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First,  did you watch the Who Do Think You Are episode on NBC last night, featuring country music singer, Tim McGraw?  It was really interesting.  I especially liked the finding of his family’s name in George Washington’s diary.  If you missed it, you can watch the entire episode here on NBC.com, or if you have Time Warner, you can watch it using your Primetime on Demand feature.

Some of you have asked how you find another website that I mention here on my blog.  If any of the words are highlighted, just click on the word and the website will open in another window.  I try to highlight and direct you to anything I think might be pertinent to the subject I am blogging about.

I would like to make a quick mention of another blog.  My cousin, Elaine Gast Fawcett, owner of Four Winds Writing, has started a blog called Philanthropy Writing.  Her newest post, 16 Charitable Ways to Celebrate Valentine’s Day is definitely food for thought.  Her posts take you from your inner self, outward into the community at large, reminding you how we’re all part of each other in more ways than just genetically.  Word Press chose her blog for their homepage.  Way to go, Elaine!  I am so proud!

Also, I wanted to tell you that my blog has been added to Geneabloggers.com, a genealogy website featuring over 1,700 genealogy blogs.  My blog will also be highlighted as a new site today.  So cool!  I look forward to reading the blogs of others and making new connections.  Which brings me to today’s post, inspired by fellow Geneabloggers.

Surname Saturday!  I want to share the surname Van Patten. This is my husband’s surname.  Simply, this Dutch name means “from Putten.”  Whether your surname is Van Patten, Van Putten, Van Petten, Van Putte, Van Patter, or any other variation, you are most likely part of the same family.

Dutch River View, Aelbert Cuyp, early 1640sWikipedia states, “Putten is a municipality and a town in Gelderland province in the middle of the Netherlands. In 2007 it had a population of 23,024.  Putten is surrounded by a great variety of landscapes. To the east of Putten lies the Veluwe, the biggest national park of the Netherlands. To the north, east and west, Putten is surrounded by farmlands, and further to the west the ring-lake around Flevoland can be found.”

I’ve heard that Putten means “draw water from a well.”  I found Albert’s translation on his blog, My Dutch Roots, interesting.  Click the title and you will be taken to his page where he explains further.

The first Van Patten ancestor to immigrate to New Amsterdam (now New York)  in the New World, was Claas Van Petten.  Collections on the History of Albany states,

“Claes Frederickse Van Petten was in Schenectady as early as 1664, when with Isaac Corn. Swits, he hired Willem Teller’s bouwery, No. 5, on the Great Flat. Subsequently he purchased Sander Leendertse Glen’s bouwery, No. 3. By his wife, Aeffie Arentse Bratt, he had three daughters and two sons, Andries and Claas, both of whom lived in Schenectady and left families. He died Oct. 3, 1728, aged 87 years 5 months. His wife died January 23d, 1728, aged 78.”

New Amsterdam, ca. 1651

Information taken from Austin A. Yates’ Schenectady County, New York: Its History to the Close of the Nineteenth Century:

“Catalina Bradt, widow of Arent Andreas, sent down the following posterity so that the blood of the old proprietor, Arent Andries, still courses in the veins of many of Schenectady’s sons and daughters.  For, of their remaining children, Aeffie (Eve) married Nicholas (Claas) Van Patten, who came to Schenectady in 1664, and in 1668 purchased the bouwery of Cornelise Van Esselstyne, lying next west of the farm of Ryer Schermerhorn, who was his brother-in-law. This farm remained in the Van Patten family for several generations. They each lived to an advanced age. He died October 3d, 1728, aged eighty-seven years and five months; she died January 23d, 1728, aged seventy-eight years. In 1690 he was appointed a justice of the peace by Leisler.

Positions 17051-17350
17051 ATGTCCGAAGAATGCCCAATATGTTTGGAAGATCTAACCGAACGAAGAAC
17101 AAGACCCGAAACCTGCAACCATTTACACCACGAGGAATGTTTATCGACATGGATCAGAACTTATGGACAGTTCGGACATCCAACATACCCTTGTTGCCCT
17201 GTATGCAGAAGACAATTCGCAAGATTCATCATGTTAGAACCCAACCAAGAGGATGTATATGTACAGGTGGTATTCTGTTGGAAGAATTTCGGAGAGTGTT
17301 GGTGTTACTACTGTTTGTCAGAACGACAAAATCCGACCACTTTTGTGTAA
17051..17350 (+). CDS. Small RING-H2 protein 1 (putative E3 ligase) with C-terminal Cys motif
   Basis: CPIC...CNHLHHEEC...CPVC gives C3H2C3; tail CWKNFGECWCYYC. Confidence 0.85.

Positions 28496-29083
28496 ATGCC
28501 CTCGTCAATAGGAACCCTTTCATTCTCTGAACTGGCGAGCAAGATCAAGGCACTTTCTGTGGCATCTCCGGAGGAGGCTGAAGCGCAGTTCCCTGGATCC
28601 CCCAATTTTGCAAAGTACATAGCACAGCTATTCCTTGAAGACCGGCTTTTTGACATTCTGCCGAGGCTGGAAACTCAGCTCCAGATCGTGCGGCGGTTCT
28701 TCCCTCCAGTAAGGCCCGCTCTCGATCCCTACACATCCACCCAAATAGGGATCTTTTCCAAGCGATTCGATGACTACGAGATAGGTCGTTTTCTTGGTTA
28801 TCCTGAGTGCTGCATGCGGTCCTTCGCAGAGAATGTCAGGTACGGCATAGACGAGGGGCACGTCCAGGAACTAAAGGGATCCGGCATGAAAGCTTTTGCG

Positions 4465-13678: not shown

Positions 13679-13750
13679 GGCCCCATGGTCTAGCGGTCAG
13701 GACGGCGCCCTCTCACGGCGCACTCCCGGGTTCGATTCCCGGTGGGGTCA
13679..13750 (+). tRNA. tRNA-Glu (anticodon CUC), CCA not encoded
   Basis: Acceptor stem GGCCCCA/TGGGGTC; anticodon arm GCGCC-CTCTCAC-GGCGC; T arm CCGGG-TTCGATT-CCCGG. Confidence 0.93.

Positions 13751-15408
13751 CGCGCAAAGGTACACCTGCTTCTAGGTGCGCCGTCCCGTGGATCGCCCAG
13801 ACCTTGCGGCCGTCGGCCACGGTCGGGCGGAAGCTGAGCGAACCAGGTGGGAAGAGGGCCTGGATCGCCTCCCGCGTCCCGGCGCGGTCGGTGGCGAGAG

Arent, the oldest son of Nicholas, April 10th, 1703, married Jannetje, daughter of Philip Coyn of Albany.

Andries, another son of Nicholas, December 26th, 1712, married Muike, daughter of Jacob Ten Eyck of Albany.

Nicholas, also a son of Nicholas, Sr., April 20th, 1712, married Rebecca, daughter of Simon Groot, Jr.

Deborah, another daughter of Nicholas, Sr., April 1st, 1700, married Cornelius Viele, Sr., who was the first Viele settled at Maalyck, on the north shore of the Mohawk River, about two miles above the Reform church in Scotia.

Catalynje, also a daughter of Nicholas, Sr., November 8th, 1694, married Teunis Dirkse Van Vechten of Lunenburg (now Athens), Greene County.

Gertrude, also a daughter of Nicholas, Sr., April 17th, 1687, married Lourens Class Van Der Volgen. At the destruction of Schenectady, in 1690, he was carried away captive to Canada by the Indians, with whom he remained several years – so late as 1699 – acquiring a perfect knowledge of their language. After his return he was appointed interpreter for the province for the Five Nations, at a salary of 60 pounds per annum, which office he held until his decease in 1740.”

There are still many Van Pattens in the Schenectady area.  My husband’s Van Patten ancestors remained there until just after the beginning of the last century.  His grandfather, Irving Van Patten, went to Elmira, New York to start a plumbing business.  He met his wife, the former Maude May Barnum, and there in Elmira they raised their family.  Van Patten Plumbing & Heating is still in business in Elmira today.

More about this family in the near future!

To find more about the roots of this family, click on the following links.

Schenectady History

Van Patten Genealogy Forum

Van Petten Page

The Van Petten Journey

The Olive Tree Genealogy